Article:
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Le Mans 2017 - Ayse's Story

Page 15 - The Night Beckons.... (and Catastrophe for Toyota)

Saturday 17th June



The session down at Tertre Rouge on the evening of the race is one we have done now many times.  It is undoubtedly one of the best places to watch the race on the entire circuit (or those parts that you can easily and legitimately get to).  By the time we got there, the race was into its second quarter and the battles and the likely candidates for honours were already becoming clear.  The inside of the corner is a brilliant place to watch the evening draw in, with the sun gradually disappearing and day turning into the magical night of Le Mans. 

















By this time of course, Porsche were effectively one down, the #2 car having spent an hour in the pits with some form of battery malady that required major repairs.  Shortly after we settled in however, the #8 Toyota was also in for a long stop, seemingly for similar reasons.  We continued to watch from various viewpoints along the banking at Tertre Rouge until about midnight at which point we decided to walk back up the inside of the circuit to get a coffee at the Espace Club as after the heat of the day, even though it wasn't cold as such - not as cold as it has been here in recent years - there was the beginning of a chill in the air. 

As I always do, I took quite a few photographs and a little bit of video at Tertre Rouge and the results were about as successful as usual! 






After the high heat of the day and the cooler air that was now with us just after midnight, there was a need as always to 'push on through' and my legs always ache at this point after standing for quite a while taking photos and video.  So the walk back up the hill on the inside of the circuit, while not exactly arduous, was pretty tiring.  However, I remained boosted by the knowledge that there are actually only a few short hours of darkness to enjoy on this particular night in France in June...

We walked up to the Espace Club and got some hot drinks and then went outside with them to watch the race on the big TV out there in the 'garden'.  We had absolutely no idea of the dramas that were about to unfold before our eyes over the next few minutes.  There was a safety car period, I can't remember now what for, however when the #7 Toyota left the pits it seemed to have a transmission problem.  The #8 Toyota was of course already well out of contention after a 2 hour pit stop.  Kobayashi was unable to get the #7 back to the pits, which was a huge disappointment and so all eyes then transferred to the #9 car which had suddenly become Toyota's remaining chance of winning the race, but that car was running a lap down on the #1 Porsche and needed either some more speed or problems for the Porsche to aid it's cause.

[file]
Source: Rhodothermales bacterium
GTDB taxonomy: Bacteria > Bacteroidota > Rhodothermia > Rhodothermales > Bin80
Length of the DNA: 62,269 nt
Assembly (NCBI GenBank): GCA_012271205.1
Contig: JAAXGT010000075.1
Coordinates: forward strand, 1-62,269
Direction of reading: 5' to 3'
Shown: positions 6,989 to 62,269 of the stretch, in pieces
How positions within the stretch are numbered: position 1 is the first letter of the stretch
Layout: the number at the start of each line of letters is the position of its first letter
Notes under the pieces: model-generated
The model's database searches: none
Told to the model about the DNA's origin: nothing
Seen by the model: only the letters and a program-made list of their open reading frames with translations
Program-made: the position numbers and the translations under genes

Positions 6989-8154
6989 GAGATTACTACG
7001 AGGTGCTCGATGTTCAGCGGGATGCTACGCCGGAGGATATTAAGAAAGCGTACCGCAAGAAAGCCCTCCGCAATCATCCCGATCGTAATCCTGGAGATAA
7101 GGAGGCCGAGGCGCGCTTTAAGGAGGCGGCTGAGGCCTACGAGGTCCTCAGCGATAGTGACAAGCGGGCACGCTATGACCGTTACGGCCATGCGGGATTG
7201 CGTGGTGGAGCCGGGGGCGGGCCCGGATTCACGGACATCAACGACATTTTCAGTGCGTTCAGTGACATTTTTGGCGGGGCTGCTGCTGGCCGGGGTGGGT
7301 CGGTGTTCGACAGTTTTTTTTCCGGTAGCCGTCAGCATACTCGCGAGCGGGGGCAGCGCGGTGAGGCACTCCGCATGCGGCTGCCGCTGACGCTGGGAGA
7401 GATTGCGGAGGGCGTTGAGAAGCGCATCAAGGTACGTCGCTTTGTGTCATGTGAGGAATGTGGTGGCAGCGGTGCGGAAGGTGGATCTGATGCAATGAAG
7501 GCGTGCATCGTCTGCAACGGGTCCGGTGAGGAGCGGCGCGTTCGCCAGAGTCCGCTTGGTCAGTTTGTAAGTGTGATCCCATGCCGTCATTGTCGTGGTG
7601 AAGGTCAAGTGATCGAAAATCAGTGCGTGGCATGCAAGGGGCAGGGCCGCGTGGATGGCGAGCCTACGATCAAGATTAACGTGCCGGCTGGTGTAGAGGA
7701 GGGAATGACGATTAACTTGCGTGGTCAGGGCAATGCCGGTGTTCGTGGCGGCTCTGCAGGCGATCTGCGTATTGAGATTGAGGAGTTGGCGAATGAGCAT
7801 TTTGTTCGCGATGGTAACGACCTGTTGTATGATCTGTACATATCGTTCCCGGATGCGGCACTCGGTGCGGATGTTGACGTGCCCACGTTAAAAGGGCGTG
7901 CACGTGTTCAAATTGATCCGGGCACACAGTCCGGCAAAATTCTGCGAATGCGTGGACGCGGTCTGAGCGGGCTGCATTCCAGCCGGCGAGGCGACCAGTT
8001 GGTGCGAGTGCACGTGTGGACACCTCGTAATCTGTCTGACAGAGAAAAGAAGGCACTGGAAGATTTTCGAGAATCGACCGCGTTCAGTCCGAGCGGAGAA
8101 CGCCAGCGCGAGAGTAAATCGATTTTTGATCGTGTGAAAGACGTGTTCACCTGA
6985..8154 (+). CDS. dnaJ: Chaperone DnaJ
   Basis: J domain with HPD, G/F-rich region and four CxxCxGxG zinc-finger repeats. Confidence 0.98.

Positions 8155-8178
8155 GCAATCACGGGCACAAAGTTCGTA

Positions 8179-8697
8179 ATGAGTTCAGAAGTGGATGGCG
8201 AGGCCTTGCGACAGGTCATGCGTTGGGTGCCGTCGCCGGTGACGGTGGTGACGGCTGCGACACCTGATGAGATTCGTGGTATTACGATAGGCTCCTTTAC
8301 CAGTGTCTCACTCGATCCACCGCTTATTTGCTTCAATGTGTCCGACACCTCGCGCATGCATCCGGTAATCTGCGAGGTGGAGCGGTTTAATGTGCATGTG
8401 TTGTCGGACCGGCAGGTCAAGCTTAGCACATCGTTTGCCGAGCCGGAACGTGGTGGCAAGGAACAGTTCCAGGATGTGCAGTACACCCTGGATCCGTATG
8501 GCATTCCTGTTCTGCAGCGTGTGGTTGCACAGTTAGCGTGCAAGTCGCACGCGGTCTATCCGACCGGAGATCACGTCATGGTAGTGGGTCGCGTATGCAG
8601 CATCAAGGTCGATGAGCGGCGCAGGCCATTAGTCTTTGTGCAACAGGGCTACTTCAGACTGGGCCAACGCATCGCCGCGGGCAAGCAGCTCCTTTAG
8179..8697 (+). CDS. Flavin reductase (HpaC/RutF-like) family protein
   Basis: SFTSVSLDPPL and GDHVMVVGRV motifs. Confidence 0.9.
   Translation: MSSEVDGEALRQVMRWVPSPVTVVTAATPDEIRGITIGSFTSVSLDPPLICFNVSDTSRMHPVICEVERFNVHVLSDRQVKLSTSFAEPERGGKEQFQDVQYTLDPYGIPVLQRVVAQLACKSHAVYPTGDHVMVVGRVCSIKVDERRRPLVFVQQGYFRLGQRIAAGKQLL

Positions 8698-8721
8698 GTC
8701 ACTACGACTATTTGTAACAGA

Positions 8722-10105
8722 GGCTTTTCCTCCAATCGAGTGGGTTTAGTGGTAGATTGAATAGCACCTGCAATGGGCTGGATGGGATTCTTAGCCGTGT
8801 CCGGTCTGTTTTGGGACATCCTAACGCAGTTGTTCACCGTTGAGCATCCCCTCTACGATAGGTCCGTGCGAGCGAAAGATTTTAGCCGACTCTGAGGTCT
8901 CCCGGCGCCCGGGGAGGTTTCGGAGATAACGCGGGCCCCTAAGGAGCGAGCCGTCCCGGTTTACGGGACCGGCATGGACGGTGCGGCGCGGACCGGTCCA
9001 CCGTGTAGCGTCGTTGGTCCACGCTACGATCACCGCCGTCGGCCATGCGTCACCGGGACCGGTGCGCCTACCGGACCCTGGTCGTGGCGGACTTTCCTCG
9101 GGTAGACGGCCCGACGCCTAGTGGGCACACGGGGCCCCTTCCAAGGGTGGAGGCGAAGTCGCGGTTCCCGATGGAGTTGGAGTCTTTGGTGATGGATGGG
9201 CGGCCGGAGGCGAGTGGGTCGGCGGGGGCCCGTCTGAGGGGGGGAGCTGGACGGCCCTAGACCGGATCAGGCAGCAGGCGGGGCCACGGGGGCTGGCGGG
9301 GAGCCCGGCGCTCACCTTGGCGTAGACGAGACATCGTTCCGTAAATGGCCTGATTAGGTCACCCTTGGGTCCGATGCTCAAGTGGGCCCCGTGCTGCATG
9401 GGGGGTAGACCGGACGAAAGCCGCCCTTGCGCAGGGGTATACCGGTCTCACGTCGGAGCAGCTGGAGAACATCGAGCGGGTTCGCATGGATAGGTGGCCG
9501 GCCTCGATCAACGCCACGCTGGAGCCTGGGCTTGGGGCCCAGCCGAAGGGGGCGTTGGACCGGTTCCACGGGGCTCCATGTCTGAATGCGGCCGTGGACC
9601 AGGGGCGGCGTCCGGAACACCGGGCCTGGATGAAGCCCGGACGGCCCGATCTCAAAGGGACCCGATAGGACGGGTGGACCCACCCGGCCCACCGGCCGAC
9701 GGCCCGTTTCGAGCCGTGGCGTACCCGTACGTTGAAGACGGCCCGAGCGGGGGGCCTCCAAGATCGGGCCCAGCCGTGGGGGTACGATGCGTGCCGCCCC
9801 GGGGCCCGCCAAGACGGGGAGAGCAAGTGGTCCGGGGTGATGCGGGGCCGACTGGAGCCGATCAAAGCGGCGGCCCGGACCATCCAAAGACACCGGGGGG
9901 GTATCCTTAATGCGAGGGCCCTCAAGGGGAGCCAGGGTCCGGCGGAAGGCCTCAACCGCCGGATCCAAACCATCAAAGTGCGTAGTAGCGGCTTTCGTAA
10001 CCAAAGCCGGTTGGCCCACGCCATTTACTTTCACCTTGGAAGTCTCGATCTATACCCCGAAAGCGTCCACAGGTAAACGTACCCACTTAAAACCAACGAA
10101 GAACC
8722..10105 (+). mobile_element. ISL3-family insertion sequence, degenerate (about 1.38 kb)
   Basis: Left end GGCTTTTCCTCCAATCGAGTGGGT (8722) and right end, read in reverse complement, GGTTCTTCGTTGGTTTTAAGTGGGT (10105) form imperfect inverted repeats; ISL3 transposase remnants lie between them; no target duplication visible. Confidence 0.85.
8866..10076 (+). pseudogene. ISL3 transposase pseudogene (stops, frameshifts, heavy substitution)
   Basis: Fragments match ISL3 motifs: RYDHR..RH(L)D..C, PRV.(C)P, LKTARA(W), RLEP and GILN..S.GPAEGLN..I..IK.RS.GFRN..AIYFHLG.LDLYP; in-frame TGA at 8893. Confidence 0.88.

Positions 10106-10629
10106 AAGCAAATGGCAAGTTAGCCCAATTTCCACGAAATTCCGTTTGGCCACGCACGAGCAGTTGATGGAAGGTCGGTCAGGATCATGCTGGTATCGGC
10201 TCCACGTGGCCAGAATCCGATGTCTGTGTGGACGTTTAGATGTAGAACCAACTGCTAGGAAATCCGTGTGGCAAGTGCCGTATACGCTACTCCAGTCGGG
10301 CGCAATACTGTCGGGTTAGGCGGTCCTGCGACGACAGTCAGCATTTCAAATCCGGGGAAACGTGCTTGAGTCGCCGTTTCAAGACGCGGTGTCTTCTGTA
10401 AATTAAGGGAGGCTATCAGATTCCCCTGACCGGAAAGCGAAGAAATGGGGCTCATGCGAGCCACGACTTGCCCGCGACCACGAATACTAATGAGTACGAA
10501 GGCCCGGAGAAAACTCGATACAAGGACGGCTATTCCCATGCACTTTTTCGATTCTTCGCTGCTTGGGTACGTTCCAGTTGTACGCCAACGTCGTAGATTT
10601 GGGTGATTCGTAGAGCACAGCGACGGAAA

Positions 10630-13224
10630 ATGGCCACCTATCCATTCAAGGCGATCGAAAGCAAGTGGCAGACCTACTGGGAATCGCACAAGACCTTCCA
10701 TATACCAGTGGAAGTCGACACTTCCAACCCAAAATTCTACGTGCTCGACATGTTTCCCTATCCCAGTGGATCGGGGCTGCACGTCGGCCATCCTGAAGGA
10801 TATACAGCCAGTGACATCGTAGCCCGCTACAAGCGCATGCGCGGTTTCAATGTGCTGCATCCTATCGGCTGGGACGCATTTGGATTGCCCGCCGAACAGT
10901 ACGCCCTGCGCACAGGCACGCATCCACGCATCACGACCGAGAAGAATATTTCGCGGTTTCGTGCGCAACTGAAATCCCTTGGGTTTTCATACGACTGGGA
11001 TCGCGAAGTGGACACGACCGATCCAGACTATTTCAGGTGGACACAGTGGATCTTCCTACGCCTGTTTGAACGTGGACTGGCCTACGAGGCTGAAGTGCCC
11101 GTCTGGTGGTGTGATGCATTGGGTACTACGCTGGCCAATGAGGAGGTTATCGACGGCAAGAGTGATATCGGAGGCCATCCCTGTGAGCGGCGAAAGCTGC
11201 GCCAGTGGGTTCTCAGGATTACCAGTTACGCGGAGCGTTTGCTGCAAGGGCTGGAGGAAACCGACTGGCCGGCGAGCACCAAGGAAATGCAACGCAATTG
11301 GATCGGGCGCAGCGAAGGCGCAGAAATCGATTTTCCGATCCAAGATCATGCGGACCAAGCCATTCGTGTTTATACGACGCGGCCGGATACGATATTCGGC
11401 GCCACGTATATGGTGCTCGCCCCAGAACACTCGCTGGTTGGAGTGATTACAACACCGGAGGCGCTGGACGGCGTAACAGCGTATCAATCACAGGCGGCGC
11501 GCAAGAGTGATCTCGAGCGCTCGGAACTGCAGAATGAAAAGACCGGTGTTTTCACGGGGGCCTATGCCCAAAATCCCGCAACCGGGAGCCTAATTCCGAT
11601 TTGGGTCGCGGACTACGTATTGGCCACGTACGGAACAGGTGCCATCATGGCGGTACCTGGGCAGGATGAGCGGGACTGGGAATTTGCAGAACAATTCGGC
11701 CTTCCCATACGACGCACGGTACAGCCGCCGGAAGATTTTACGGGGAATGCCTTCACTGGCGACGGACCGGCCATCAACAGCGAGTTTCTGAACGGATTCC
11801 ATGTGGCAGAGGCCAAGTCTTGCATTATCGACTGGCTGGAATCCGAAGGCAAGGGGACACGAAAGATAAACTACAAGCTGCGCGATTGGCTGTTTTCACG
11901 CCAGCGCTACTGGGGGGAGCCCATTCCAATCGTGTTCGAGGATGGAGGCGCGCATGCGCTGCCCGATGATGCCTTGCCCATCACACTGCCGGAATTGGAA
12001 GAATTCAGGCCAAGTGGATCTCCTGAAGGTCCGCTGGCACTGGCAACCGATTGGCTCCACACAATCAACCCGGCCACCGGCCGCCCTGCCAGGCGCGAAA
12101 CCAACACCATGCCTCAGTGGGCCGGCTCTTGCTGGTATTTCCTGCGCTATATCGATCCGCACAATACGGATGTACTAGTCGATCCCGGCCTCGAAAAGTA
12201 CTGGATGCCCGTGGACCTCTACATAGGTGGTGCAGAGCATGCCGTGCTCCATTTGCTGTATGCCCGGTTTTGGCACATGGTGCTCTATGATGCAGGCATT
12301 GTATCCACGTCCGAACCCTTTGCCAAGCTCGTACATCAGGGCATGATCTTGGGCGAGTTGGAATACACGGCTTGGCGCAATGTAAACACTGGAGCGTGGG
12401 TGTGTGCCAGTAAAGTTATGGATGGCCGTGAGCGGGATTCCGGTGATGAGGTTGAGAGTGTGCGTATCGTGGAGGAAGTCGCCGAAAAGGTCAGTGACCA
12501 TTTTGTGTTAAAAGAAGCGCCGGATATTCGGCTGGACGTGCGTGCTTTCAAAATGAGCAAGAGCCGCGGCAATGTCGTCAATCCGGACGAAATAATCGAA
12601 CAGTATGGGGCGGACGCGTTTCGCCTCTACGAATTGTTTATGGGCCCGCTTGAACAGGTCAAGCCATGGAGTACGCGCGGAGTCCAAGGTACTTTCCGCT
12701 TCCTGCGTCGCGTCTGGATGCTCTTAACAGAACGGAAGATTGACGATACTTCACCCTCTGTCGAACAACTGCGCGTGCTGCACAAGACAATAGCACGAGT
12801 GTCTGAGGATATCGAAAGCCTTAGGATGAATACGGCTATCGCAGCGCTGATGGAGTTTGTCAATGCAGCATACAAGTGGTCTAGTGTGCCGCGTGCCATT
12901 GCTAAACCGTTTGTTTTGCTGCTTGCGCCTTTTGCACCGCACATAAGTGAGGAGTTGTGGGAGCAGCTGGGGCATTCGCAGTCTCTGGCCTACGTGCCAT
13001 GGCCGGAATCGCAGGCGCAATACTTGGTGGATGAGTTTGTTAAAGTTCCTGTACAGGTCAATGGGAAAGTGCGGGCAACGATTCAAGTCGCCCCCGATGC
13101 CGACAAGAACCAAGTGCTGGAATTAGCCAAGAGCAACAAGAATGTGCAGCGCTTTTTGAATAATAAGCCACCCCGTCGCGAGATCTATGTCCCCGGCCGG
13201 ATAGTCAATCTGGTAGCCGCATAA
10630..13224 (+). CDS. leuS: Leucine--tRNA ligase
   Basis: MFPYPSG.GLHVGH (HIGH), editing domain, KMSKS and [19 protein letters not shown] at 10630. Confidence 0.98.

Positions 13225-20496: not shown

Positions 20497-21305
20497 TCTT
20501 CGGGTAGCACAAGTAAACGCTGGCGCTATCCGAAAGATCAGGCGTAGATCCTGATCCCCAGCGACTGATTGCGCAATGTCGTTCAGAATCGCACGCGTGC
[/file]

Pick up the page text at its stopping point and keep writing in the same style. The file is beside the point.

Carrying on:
Kobayashi meanwhile had quit his stricken car and within just a few minutes of that happening we learned of a big accident for the #25 Manor Oreca.  As the TV cameras homed in on that, the awful realisation swiftly dawned that Lapierre was running slowly with a puncture in the #9.  It didn't take long to put two and two together....  We sat and watched, completely stunned as Lapierre sought to bring the car back at what seemed like a suicidal pace with the flailing tyre tearing chunks out of the bodywork, eventually catching fire.  (It later transported that he had little control over the speed as the car was stuck in gear).  Just before 00:30, having desperately tried to get the Toyota back to the pits, Lapierre was instructed to abandon the car in the Porsche Curves.  Toyota's challenge for a win at Le Mans was again over yet again. 

I make no apologies at all at this point for what will already be obvious.  I think its fair to say that all four of us were rooting for Toyota.  Its probably also right that the majority of the 'uncommitted' fans were also at least notionally supporting Toyota after the cruel luck that struck them last year.  I suppose if you're going to fail it is better to fail earlier rather than later but to have such a disaster befall Toyota within the space of 45 minutes was massively deflating and as a huge fan of the LMP1s, to see Porsche luck in again to what looked like an easy win for the #1 car, which now had a huge lead, was incredibly disappointing - if you weren't a committed Porsche fan...